Online retailer mistakenly prices everything at $49.95, loses $1.6 million in six hours

By on May 24, 2010, 7:02 AM
A sister retailer of shoe megastore Zappos.com confirmed on Friday that a mistake in their price engine had all products on offer capped at $49.95 for about six hours, from midnight to 6am PST. After learning of the mistake the site was taken offline for a brief period and later reestablished with correct pricing information.

What makes the story more interesting is that the online retailer in question, called 6pm.com, will be honoring all transactions in spite of the evident financial losses, which they claim amount to a staggering $1.6 million. Zappos uses customer service as one of its key differentiators and that seems to have paid off well, as it's considered to be the biggest online shoe store with over a billion dollars in sales last year (when it was acquired by a little-known company called Amazon).

Zappos claims a high percentage of its sales come from repeated customers, and that growth is being driven by word of mouth. Recently they have also received a boost from viral marketing and social mediums like Twitter. This last piece might suggest that this could be a marketing ploy, albeit to the tune of over a million dollars that sounds a bit desperate.




User Comments: 13

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Darkshadoe Darkshadoe said:

"Zappos claims a high percentage of its sales come from repeated customers, and that growth is being driven by word of mouth"

You other companies might wanna take note of this. Zappos bit the bullet and took one for the team. They will make back what they lost 10 fold and have even greater customer repeat business than they do now.

EA, Ubisoft....are you listening?

Guest said:

Thats great, i forgot who made that same mistake last year and I ordered a 55 in LCD tv for $128.00, They emailed back late and said it was a mistake and they would not honor it

Tekkaraiden Tekkaraiden said:

On sales of a 1 billion, 1.6 million isn't all that much and besides clothes have a very high markup. Still it's good of them to honor the mistake.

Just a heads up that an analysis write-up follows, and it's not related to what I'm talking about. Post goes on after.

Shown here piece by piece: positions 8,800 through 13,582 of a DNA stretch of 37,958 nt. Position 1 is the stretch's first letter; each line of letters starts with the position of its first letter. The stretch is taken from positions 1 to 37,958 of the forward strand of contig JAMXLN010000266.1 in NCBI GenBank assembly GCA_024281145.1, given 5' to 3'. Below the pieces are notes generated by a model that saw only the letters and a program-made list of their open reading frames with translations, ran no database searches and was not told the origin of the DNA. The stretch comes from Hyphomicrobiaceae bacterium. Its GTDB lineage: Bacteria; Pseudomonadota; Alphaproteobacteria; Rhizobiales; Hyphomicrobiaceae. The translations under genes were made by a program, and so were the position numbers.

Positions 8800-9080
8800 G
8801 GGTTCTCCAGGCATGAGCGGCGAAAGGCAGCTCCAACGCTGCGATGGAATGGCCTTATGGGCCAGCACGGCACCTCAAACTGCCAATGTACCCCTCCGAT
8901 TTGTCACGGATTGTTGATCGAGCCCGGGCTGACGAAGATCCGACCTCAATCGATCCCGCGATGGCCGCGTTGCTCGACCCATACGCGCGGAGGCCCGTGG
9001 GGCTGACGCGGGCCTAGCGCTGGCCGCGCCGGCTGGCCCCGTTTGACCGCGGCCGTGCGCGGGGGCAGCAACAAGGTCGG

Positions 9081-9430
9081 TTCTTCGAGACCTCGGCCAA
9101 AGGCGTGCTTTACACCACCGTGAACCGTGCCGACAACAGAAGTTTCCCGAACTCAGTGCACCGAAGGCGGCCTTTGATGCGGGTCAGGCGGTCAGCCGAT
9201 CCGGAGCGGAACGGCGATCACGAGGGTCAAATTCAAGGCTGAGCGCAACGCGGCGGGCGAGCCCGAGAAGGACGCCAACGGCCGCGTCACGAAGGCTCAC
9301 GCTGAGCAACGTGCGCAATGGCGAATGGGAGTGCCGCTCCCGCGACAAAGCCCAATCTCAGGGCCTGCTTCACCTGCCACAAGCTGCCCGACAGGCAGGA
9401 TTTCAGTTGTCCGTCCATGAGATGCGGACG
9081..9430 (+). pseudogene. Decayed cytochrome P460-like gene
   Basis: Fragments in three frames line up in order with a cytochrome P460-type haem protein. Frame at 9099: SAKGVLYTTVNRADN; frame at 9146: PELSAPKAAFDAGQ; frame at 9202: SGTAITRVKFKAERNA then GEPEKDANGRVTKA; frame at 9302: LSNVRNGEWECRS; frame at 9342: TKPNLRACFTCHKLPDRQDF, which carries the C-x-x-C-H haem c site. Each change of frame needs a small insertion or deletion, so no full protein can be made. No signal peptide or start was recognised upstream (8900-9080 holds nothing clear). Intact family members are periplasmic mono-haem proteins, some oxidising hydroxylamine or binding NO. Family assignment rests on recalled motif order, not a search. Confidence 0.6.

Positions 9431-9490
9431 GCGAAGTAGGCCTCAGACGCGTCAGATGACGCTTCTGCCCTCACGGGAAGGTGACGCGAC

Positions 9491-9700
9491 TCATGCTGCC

Armanian said:

To the guest above, depending on where you live im presuming that it can be taken to court, and the court can force them to honour their mistake. If i remember correctly there are some laws about this somewhere, as i briefly remember reading about it somewhere, when a number of companies last year made the same mistake.

lchu12 lchu12 said:

Ouch, but even if they didn't honor it...I would understand. If you were the merchant will you do business that you will lose money?

Why go into business if you'll stand to lose money instead of gaining it?

matrix86 matrix86 said:

@lchu12:

while you do make a good point, the company has no right no charge you more after you have already paid. Once you purchase an item and have the receipt, it is yours and no longer belongs to the company. Therefore, they have NO right to change the price. Mistake or not, they are in the wrong. I would fight them if they tried to hold the item. I don't care if I had to be on the phone all day, i'd get the item for what I originally paid for.

The only possible way I can see them getting around this is if you signed something saying that they have the right to change a price after you have already purchased. Otherwise, they have no right to charge that guy any more money after he has already paid.

raybay said:

Interesting if true. Interesting if not true.

They are not going to honor errors totalling $1.6 million, and it will not hurt them much to deny those orders.

A public relations failure is not going to be remembered long. But $1.6 million will be remembered by their banks, owners, and investors.

Guest said:

i have seen t&c before which basically said that when you make a purchase you are offering to pay so much for the item, but it is only accepted by the seller when they despatch the item, so if they dont accept the offer they dont have to send the item and you get your money back....

Guest said:

Nice marketing ploy ... beat ad cost.

Route44 Route44, TechSpot Ambassador, said:

Interesting if true. Interesting if not true.

They are not going to honor errors totalling $1.6 million, and it will not hurt them much to deny those orders.

A public relations failure is not going to be remembered long. But $1.6 million will be remembered by their banks, owners, and investors.

Yep. I don't know of too many individuals let alone business', banks and investors that say "meh" to 1.6 million dollars.

And to think I missed this sale...

gwailo247, TechSpot Chancellor, said:

They did not mention how many transactions they had that day. If we're talking about 200,000 transactions, you're only talking about a loss of 8 bucks per customer. If the company had a billion in sales, 1.6 million really is nothing if you chalk it up to marketing costs.

One way that you can guess this is a ploy is the message on the blog that nobody got fired. No company anywhere would keep a regular level employee who made a mistake that cost them 1.6 million dollars.

Staff
Julio Franco Julio Franco, TechSpot Editor, said:

I'm not sure if specific laws have been passed to address this kind of situations, but it used to be the case that merchants could cancel the orders claiming that customers purposedly purchased at lower prices, knowing that a pricing mistake was being made.

This has happened numerous times to all kinds of online retailers over the years. Some retailers did exactly as above while others like Zappos tried to spin the negative situation into a positive one by fully or at least partially assuming the losses.

Puiu Puiu said:

Marketing blooper or not they sure are getting a lot of attention. They will recover the 1.6 mill in not time.

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